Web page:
A Radical Proposal for Accounting Education
By Bruce H. Nearon
A Professional Argues for Higher Education Standards
Education has been a core concern for accountants since 1896, when Charles Waldo Haskins secured regulation of the CPA license by the Regents of the State University of New York, which regulated the learned professions (those requiring college degrees), even though there was no college degree requirement for CPA licensure. The schism between practice and academia also began in the early days of the profession, around 1914, when the American Institute of Accountants decided to exclude academic members, leading to the creation of the American Accounting Association. The author, in response to the CPA Journal Forum on Accounting Education (which was reported in the August issue), argues that the future development of accountancy as a profession will depend on unifying the various constituencies through a common educational background. In the article that follows, a professor argues the counterpoint.
The recent string of large business failures and the increased frequency of accounting restatements have led to a crisis. Critics focus on the failures of the accounting “industry,” and accountants wonder whether their services constitute a profession. Even before the recent failures, Albrecht and Sack’s monograph, Accounting Education: Charting a Course Through a Perilous Future, proclaimed an equally grave crisis in accounting education. While some blame the 150-hour rule for accounting education’s ills, it is not the root of the problem; rather, each element of the entire accounting education process has serious deficiencies. Understanding these deficiencies leads inexorably to the conclusion that a radical proposal for changing accounting education and certification now makes sense.
The 150-hour rule has been under attack from all sides and is blamed for the accounting industry’s problems in attracting quality entry-level personnel. According to Albrecht and Sack (“The Perilous Future of Accounting Education,” The CPA Journal, March 2001), most academics and practitioners see the 150-hour rule as a failure. Marginal corrections to this program, which has taken more than 40 years to implement in its current form, simply do not make good sense.
According to Albrecht and Sack, accounting education is in such dire straits and plagued by so many serious problems that it may not survive. Even as the quantity and quality of accounting students plummet, accounting department budgets fall, and accounting faculty lines shrink, the profession is also under siege in the wake of the financial disasters of 2001 and 2002.
A fundamental obligation and privilege of a profession is its responsibility for its own practice and education. The recent financial failures, as well as the dot-com meltdowns of 2000 and 2001, should cause accountants to consider whether collectively they have failed in their responsibility to investors. Millions of dot-com investors lost billions of dollars, but rather than relying on CPAs’ financial statements, they ignored them. Accounting standards (GAAP) failed in their first objective: to provide financial information that is useful to investors, creditors, and others when making rational investment, credit, and similar decisions. Why weren’t accountants more vocal in warning that dot-coms’ financial statements—which almost without exception showed increasing losses, decreasing cash flow, and miniscule revenue—foretold disaster?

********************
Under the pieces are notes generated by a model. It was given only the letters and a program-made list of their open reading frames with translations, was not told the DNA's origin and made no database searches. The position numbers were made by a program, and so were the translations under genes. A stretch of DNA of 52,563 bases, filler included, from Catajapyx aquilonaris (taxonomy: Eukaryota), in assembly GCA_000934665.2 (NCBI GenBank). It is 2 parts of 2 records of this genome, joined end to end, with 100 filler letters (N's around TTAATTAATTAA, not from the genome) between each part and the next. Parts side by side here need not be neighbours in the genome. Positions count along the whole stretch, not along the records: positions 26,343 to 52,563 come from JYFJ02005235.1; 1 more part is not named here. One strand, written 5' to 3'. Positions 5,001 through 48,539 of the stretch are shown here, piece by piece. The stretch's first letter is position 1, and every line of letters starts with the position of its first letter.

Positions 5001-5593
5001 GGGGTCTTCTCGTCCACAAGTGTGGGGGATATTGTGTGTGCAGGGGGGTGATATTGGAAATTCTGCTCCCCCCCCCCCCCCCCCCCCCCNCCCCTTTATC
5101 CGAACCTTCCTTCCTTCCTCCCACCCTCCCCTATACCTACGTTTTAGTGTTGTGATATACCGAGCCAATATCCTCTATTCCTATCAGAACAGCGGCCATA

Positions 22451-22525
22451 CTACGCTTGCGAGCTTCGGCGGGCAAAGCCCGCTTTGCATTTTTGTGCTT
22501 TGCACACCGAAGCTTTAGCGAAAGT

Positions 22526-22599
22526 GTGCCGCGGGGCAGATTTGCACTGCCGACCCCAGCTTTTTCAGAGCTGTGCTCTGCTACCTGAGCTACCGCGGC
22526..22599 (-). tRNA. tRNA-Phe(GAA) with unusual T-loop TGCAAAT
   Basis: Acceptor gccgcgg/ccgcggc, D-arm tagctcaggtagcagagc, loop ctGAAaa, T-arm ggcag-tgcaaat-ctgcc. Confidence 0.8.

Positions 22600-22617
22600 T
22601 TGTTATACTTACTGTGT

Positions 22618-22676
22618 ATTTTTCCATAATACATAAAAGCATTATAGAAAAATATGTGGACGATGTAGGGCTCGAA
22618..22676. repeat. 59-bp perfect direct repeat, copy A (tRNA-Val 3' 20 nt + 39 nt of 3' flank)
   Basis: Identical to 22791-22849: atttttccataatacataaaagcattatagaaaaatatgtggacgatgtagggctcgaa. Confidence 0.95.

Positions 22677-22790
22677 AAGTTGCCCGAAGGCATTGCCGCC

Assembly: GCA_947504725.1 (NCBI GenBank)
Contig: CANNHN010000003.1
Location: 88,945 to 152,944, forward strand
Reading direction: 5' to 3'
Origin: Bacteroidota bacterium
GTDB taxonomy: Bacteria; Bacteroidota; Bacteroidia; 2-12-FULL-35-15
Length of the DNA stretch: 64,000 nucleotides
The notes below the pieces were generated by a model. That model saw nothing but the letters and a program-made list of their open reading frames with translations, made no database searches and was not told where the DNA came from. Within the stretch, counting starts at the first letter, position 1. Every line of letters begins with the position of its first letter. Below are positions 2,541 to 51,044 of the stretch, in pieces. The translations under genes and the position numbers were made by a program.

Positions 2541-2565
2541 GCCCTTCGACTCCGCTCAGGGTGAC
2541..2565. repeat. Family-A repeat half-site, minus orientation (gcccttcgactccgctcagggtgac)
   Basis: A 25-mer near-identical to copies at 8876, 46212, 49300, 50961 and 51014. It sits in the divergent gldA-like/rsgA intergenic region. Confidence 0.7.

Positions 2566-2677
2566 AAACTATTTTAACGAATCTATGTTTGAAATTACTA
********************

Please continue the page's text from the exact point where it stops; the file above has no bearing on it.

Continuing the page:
Auditing standards (GAAS) have also failed in their primary objective: to express an opinion on whether financial statements are presented in conformity with GAAP. Auditors’ opinions were useless to Enron, Global Crossing, WorldCom, and failed dot-com investors, creditors, and employees. Andersen, formerly one of the world’s most trusted and respected accounting firms, was found guilty of criminal obstruction of justice for destroying thousands of documents related to the Enron investigation and ceased auditing public companies on August 31.
Congress, ignoring its own complicity, has now relieved accountants of the responsibility for their own practice. No amount of money spent on public relations by our trade organizations will buy the respect needed to restore professionalism. Accountants have lost the privilege of respect, and now must earn it back, a task that will be impossible without radically addressing the root cause for the demise: the schism between accounting education and accounting practice.
The Accounting Education System
If the crisis in accounting is genuine, then the education system may be a good place to start trying to understanding why accounting practice has failed. Accounting education is composed of inputs, processing, and outputs. The inputs are accounting professors, new PhD students, new undergraduate students, the subject matter, and funding. Processing encompasses research and instruction. The outputs are graduate PhDs, research, and entry-level accountants.